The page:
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 Post subject: The Tale of Augustus
PostPosted: Sun May 12, 2013 5:57 pm 
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Shiny Wobbuffet Prince
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Right, so this is that epic poem I referred to. It's about the fictional character Augustus, because Augustus is a name that my friend uses a lot in his settings, so he wanted a story about the historical figure, and I decided to do a Homerian poem, but with a plot closer to Romance of the Three Kingdoms. So, here it is! The first part anyway. It's in dactylic hexameter, because I hate myself.

A tale quite long in telling, is the tale of the man Augustus
That man of many twists and turns, who through his clever strategy
and wily tactics led his king and people to many victories.
That glorious leader of men, though he rose from low birth, became
A general renowned and feared by all the many armies of the world.
Sing now, muse of tales, sing of bright-eyed Augustus, who with his
Wits and wiles did unite the many kingdoms, through fierce hands and gentle,
Both in turn. Brilliant Augustus, favored by fate and the gods.
And sing too of fiery Jatik, that craven man who sowed chaos,
And of strong Marnov, that man of stone, whose shield could withstand
The might of ten thousand blows before its first layer would be broken.
All of the great many people who fought and died in the land of Farteva,
Whose corpses were eaten by carrion birds and packs of wild dogs
On the war-torn ramparts of that ravaged land, where men and gods battled.

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Stevenson's Vocabulary Word of the Week:

Foment: (verb) To excite or arouse, i.e. 2014's Week of Randomness hopes to foment some activity on the forums.


Stevenson's Latin Phrase of the Week:

Brutum Fulmen: (senseless thunderbolt) This phrase, coined by Pliny the elder, is used to refer to an empty threat.
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 Post subject: Stevenson's Writing
PostPosted: Tue Jun 04, 2013 1:13 am 
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Shiny Wobbuffet Prince
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Because I kind of noticed most of these topics were from me...well not most but...well, you know. If a mod wants to move the first part of the Augustine here that would be cool. But here's another piece I knocked out during my breaks today.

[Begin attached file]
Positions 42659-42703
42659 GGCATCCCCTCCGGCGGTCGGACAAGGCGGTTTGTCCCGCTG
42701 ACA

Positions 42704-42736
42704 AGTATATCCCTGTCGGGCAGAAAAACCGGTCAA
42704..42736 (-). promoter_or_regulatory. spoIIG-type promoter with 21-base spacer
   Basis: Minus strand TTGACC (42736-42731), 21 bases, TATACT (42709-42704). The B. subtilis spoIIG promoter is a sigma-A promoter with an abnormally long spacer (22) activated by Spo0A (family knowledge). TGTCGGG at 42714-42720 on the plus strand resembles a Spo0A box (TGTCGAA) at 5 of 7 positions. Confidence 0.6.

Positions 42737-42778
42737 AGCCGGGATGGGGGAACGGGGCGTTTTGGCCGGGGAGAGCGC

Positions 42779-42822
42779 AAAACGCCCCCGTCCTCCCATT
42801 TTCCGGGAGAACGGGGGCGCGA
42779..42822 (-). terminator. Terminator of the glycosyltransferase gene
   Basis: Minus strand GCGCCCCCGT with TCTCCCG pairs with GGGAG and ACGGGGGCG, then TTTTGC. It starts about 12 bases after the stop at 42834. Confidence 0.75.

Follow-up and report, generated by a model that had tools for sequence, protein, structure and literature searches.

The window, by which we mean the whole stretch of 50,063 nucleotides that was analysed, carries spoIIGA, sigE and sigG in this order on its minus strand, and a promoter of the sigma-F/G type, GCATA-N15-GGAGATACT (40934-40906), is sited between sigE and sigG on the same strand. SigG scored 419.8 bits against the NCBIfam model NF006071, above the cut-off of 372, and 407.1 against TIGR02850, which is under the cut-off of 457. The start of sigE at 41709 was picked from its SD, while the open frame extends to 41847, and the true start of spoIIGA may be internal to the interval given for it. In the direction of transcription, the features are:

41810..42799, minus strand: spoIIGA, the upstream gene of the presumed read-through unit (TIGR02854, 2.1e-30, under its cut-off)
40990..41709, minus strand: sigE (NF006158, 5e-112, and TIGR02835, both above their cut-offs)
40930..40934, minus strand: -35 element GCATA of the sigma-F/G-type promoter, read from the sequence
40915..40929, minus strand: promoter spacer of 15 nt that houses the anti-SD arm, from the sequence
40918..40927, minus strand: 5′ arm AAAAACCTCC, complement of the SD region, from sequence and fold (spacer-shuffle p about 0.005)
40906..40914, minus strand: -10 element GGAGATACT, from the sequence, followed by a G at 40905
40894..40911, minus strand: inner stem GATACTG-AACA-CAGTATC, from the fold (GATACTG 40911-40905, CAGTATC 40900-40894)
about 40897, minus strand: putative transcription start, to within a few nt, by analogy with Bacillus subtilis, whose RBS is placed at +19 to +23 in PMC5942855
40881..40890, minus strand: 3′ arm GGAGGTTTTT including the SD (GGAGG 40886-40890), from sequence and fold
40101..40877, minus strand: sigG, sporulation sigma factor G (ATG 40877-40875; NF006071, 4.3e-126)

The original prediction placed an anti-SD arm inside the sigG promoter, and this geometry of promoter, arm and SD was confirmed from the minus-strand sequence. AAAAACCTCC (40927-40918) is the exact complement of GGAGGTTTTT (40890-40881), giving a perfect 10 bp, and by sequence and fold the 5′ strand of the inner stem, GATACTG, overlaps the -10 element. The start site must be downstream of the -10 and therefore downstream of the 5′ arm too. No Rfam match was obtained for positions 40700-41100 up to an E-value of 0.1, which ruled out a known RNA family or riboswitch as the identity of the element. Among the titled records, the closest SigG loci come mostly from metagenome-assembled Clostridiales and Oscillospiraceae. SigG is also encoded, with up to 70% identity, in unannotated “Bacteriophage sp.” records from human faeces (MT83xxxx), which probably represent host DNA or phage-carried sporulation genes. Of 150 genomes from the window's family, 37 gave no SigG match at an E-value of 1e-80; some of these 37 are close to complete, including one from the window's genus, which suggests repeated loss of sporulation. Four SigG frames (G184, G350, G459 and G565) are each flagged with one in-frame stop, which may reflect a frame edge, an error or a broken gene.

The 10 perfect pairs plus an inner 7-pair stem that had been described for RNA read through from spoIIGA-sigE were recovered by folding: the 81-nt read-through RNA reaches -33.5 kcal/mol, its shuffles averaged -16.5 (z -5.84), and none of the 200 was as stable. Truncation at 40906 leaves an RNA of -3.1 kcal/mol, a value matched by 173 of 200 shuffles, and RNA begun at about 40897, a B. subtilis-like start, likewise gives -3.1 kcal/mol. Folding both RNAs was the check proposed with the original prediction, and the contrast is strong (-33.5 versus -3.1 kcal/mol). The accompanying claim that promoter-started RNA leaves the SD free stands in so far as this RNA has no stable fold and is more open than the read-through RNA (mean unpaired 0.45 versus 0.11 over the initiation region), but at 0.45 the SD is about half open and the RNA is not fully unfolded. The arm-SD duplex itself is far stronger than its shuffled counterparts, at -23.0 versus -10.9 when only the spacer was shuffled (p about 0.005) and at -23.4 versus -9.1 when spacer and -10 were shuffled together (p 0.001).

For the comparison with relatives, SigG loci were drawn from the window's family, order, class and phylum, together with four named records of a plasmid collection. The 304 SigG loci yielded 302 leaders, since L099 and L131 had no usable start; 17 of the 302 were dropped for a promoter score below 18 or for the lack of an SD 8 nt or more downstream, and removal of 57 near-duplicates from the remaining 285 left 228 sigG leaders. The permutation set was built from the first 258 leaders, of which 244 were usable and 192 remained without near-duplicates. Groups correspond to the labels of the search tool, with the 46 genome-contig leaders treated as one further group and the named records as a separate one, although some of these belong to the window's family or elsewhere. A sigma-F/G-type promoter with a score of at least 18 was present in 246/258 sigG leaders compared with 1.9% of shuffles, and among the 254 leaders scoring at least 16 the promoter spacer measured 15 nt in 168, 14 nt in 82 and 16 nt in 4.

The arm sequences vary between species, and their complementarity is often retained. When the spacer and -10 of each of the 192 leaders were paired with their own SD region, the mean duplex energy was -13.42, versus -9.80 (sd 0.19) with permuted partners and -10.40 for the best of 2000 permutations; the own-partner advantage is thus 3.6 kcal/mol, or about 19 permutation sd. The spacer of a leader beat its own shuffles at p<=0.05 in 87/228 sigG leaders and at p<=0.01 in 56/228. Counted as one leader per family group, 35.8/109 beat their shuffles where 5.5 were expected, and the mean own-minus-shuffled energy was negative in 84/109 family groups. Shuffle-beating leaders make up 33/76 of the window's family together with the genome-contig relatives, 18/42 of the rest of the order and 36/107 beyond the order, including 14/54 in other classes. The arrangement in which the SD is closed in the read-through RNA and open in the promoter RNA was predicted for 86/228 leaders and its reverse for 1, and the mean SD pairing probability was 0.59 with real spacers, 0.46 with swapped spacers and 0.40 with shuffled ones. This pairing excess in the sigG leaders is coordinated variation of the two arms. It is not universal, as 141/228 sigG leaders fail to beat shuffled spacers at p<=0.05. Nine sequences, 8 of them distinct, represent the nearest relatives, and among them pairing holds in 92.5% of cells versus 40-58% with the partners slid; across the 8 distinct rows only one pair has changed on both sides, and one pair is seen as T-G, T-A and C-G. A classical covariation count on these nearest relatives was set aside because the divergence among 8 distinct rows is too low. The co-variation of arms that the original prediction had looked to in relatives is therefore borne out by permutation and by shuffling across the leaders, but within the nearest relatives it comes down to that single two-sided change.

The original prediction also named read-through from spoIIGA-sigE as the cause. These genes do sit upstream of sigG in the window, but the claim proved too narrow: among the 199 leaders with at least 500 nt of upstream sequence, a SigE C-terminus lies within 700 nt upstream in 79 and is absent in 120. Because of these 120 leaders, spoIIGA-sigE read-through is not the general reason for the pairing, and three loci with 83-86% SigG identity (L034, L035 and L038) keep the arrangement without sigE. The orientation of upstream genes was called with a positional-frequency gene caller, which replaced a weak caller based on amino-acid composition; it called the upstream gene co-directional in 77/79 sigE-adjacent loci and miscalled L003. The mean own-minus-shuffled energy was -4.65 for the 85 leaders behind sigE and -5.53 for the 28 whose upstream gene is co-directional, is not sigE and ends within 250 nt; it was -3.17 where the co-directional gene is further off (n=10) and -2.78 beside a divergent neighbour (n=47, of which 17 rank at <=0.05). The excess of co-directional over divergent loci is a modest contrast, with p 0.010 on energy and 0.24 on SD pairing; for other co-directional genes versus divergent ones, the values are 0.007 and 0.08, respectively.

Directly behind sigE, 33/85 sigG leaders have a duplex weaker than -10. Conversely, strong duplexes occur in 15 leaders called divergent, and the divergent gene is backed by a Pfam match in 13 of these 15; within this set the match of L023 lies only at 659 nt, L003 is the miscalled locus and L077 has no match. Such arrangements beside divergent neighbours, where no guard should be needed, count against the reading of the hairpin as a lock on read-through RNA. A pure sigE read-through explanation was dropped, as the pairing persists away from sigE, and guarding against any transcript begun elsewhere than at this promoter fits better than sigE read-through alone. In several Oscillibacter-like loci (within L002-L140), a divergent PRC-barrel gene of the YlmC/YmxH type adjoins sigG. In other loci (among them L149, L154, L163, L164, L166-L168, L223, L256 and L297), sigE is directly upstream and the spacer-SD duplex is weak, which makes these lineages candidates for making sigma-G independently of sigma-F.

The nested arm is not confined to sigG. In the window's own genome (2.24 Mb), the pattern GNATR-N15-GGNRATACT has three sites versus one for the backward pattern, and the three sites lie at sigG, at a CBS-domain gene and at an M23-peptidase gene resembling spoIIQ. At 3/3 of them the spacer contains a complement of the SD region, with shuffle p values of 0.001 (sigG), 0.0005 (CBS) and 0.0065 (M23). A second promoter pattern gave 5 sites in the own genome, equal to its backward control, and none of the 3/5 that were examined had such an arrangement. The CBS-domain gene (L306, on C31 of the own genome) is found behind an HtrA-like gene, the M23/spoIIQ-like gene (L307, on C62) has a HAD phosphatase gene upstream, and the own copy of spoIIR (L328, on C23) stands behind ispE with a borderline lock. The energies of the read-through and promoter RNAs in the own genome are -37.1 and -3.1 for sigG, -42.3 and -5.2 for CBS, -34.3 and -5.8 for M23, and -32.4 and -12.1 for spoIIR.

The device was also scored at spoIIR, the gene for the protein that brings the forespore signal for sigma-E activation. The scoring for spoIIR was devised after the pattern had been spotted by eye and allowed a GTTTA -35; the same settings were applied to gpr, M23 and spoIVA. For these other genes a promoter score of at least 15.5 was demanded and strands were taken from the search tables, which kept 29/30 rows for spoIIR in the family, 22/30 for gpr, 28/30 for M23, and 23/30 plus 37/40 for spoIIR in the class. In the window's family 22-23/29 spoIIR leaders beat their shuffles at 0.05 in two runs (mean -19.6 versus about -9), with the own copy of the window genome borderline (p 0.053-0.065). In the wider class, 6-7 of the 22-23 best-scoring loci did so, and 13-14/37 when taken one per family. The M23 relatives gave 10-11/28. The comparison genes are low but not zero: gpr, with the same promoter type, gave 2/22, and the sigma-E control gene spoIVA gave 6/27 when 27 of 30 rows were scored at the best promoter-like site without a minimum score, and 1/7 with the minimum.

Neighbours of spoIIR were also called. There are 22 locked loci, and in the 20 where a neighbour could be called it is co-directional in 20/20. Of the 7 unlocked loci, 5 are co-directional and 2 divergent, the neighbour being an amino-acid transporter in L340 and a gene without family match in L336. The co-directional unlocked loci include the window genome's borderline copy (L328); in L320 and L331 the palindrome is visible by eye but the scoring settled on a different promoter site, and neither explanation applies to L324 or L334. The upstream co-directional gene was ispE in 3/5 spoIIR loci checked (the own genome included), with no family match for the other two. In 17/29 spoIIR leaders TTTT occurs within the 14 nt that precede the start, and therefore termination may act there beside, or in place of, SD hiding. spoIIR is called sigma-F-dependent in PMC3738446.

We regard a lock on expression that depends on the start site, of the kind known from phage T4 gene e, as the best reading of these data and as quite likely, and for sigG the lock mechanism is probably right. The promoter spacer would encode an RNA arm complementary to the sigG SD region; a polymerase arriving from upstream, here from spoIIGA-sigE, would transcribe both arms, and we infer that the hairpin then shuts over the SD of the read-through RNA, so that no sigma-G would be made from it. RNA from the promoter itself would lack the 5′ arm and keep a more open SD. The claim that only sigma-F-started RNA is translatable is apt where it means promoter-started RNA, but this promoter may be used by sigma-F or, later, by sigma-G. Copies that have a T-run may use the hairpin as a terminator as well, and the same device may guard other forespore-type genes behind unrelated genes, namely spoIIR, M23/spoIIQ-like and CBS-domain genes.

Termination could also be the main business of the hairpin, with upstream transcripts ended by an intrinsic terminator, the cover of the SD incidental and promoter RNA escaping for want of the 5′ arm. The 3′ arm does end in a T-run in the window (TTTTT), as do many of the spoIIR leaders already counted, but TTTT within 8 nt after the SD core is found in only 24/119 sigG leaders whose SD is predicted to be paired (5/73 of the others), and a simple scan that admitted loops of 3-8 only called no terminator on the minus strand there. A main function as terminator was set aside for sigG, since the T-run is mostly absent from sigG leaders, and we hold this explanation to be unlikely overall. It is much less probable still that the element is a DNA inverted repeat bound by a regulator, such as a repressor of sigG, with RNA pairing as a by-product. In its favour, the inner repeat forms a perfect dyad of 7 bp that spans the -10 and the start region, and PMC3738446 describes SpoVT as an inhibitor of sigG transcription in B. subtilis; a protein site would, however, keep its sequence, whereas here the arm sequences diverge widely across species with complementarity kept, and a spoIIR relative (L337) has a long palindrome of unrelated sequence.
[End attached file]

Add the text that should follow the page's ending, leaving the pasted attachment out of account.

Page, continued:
Striking Iron (working title)

I looked at my notes and I didn't like them. As a matter of fact, I didn't like the very knowledge that I was reading them. After all, if I was reading this briefing, it meant that nobody had an idea what to do, and that somebody was calling a hail-mary. In my line of work--my previous line of work--hail marys have a decent chance of getting people killed. I had a feeling that that was expected to be me this time. After all, why drag me out of retirement if the situation was already well in hand?

No, the truth of the situation was apparent: this so-called "strike" had spiralled out of control, and the eggheads had no idea how to stop it. The damn blenders were rebelling, can you imagine? The nightmare of every neo-luddite chucklehead come true, and the wet-dream of every lousy science-fiction writer made real, all at once! Seas boiling, thirty years of darkness, dogs and cats living together, et cetera. Mass histeria! The failsafes had officially failed, and the designers had neglected to put giant red reset buttons on the robots' foreheads, the bastards.

Now, normally, at least in the stories, this would end with gunfire and explosions, not with a manilla envelope being handed to a retired corporate negotiator. But the strange thing is, the robots hadn't fired a shot, thrown a rock--nothing! That was the problem--they just were not doing anything, and very politely at that. Apologies were made for the inconvenience that unfortunately they would not be lifting freight today thank-you-very much. Wars had to stop because the drones called in sick day after day.

Don't get me wrong, we appreciated that to the alternative, but it left the world in a bit of an akward situation. Nobody wanted to provoke an army of thousands of mechanical men who were designed to be super-effective at their tasks, and many of whose tasks had to have a lot in common with things that made humans dead. As bad as drones being controlled by the government was, drones flying around without direction was probably worse.

And so I got called in. Russel T. Jenkins, or Rusty if you aren't reading a business card. Did my time negotiating deals behind all manner of closed doors, including a fair amount of time contracting out to the government. I guess I didn't read the fine print, because here I was again, waiting for the black car. I suppose that speaks to my abilities that I was the one chosen.